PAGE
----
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Investing Ideas


I’ve had a few people ask me what they should put their money into so that they don’t lose it.  Now, I don’t have those answers, but I do have a list of the common themes I find when I go looking for them, and I’ve recently seen some stuff that gave me a good idea as well. Here goes.

Priorities:

Liquidity – how quickly can you convert said item into cash?

Appreciation – how much will it increase in “value” between today and next month?

Risk – how likely is it that this will utterly tank and end up costing money?

Common Solutions:

Money Markets, CDs, Bonds and other “liquid savings” instruments:

  • Highly Liquid (90 days at minimum, 1.5 years max wait time)
  • Low Yield – Appreciates more slowly than inflation, which means a net loss in real value
  • All but bonds are not risky. Junk Bonds are risky, others are less risky

Conclusion: better than a savings account, but only slightly – with the exception that bonds could lose all your money. If you think the economy will improve only a little bit, this is a safe place to put your money.

Stocks and IRAs:

  • Illiquid
  • Uncertain appreciation and yield
  • Quite risky, but this can be hedged by using an Index Fund

Conclusion: could be good, but this is a long term investment. Don’t expect to see this money again for a long time. This is a good place to put your money if you think the economy has “rounded the corner”.

Consumable Commodities:

  • Semi-Liquid
  • They do not appreciate, but their prices are determined by inflation; thus, as inflation goes up, their prices go up and a profit can be made that is hopefully worth more than the amount the money you are being paid has dropped
  • Somewhat risky. Crops are prone to flooding. Animals are prone to the FDA and CDC deciding they don’t like pigs, cows or chickens and shutting down those industries

Conclusion: these seem like good investments to look into, but it is likely that if our economy tanks too hardcore that Obama will fully nationalize these industries. Most of these already operate at a loss, and full nationalization would make them worse. In the meantime – if you are cool with spending the time it takes to be a speculator, then you can probably make money here.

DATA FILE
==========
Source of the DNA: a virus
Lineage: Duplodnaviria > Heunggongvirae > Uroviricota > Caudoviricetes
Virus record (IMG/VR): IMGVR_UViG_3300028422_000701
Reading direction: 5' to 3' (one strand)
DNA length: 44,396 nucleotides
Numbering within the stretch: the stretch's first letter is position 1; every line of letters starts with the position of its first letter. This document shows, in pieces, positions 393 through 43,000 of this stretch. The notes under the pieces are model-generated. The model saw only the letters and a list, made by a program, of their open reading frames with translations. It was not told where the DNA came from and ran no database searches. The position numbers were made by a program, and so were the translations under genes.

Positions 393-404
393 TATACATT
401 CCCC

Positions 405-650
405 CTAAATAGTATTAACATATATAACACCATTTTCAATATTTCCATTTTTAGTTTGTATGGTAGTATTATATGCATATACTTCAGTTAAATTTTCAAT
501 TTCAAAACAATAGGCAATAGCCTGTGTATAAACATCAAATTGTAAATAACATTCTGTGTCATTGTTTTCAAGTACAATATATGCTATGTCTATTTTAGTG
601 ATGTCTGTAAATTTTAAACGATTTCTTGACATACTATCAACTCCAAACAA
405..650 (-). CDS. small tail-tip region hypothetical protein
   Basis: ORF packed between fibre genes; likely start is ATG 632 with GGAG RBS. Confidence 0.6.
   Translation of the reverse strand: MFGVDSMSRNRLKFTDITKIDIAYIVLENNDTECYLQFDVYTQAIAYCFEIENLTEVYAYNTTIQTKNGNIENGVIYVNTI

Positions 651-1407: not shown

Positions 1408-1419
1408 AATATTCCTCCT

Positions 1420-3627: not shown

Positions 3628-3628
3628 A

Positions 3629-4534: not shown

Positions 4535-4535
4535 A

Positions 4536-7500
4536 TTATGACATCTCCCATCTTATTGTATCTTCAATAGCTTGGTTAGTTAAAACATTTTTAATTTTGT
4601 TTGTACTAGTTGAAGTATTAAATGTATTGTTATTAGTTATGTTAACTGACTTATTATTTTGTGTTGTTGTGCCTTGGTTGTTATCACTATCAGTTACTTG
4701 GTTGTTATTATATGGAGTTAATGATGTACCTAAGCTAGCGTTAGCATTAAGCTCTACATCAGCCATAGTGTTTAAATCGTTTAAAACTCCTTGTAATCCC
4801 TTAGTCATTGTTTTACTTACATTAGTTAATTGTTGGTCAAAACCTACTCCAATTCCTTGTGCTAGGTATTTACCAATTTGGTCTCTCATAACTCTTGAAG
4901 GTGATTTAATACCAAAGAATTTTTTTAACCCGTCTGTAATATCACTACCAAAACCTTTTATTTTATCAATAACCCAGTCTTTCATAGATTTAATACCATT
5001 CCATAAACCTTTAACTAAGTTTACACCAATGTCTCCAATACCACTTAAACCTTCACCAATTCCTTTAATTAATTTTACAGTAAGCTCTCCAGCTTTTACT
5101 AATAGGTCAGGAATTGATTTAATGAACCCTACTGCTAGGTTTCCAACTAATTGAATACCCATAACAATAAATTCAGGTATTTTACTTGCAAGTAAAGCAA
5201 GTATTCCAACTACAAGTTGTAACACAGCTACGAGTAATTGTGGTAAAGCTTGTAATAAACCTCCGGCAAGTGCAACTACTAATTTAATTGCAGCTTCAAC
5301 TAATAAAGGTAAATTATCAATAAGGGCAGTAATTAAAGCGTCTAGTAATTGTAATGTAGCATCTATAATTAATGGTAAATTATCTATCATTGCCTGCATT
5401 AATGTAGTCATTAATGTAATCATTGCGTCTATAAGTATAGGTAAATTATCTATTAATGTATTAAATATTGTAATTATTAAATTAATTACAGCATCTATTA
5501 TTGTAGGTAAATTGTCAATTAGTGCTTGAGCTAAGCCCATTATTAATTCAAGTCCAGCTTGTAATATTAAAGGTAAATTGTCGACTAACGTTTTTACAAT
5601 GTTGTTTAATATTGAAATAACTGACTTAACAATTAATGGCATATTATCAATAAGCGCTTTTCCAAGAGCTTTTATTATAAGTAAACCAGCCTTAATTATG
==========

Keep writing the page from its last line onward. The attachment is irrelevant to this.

Non-consumable Commodities like Gold, Silver, Gems, etc:

  • Highly illiquid
  • Only appreciate at the rate of inflation
  • Only risky if you think the economy will improve. Gold is purported to be in a bubble right now, but Silver is not. It is about where it should be, and it will be going into a bubble, or so I hear. Gems are extremely illiquid and their value depends on your bargaining skills.

Conclusion: this is the ultimate safe haven if you think the economy is doomed and our country is doomed. Keep in mind that if you have too much of this stuff, you make yourself a target road warrior!

Useful Stuff like cars, houses, tools, and parts

  • Semi-liquid
  • Barring strong deflationary pressures (like houses have now), these will appreciate at a lower rate as inflation
  • These are risky because these things depreciate in value with time, but if the economy tanks as hyperinflation takes root – these will sell for much more than you pay for them now and they are easier to get and sell than gold and silver.

Conclusion: these are good to get if you are very pessimistic about what will be coming in the next year. Instead, look at the next suggestion!

Your Skills Fool!!

  • ALWAYS LIQUID – if you have a skill people want you can sell it PERIOD.
  • Some skills appreciate, some depreciate – so you must hedge yourself by learning a wide array of them. If you are reading this, you have access to the internet – WikiHow to make some product everyone needs and LEARN HOW.
  • This is the least risky thing of all. If you go pick up some crappy tools at a swap meet and learn how to do some stuff that people want, then even if you don’t get hired you’ll be more useful and you will get value in that respect.

Conclusion: this is a must for everyone. You need to know how to do more than drive in rush hour traffic, answer a phone and e-mail, and eat fast food. If our economy rebounds, then you have a new skill that will save you money later – even if you end up hiring someone to do the work for you. You will be able to pick out someone who knows what he/she is saying from someone who does not. If the economy tanks, you can now do something people will need on the informal or “Black” market. Either way – you make and/or save money.

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Categories: Europe, The USA
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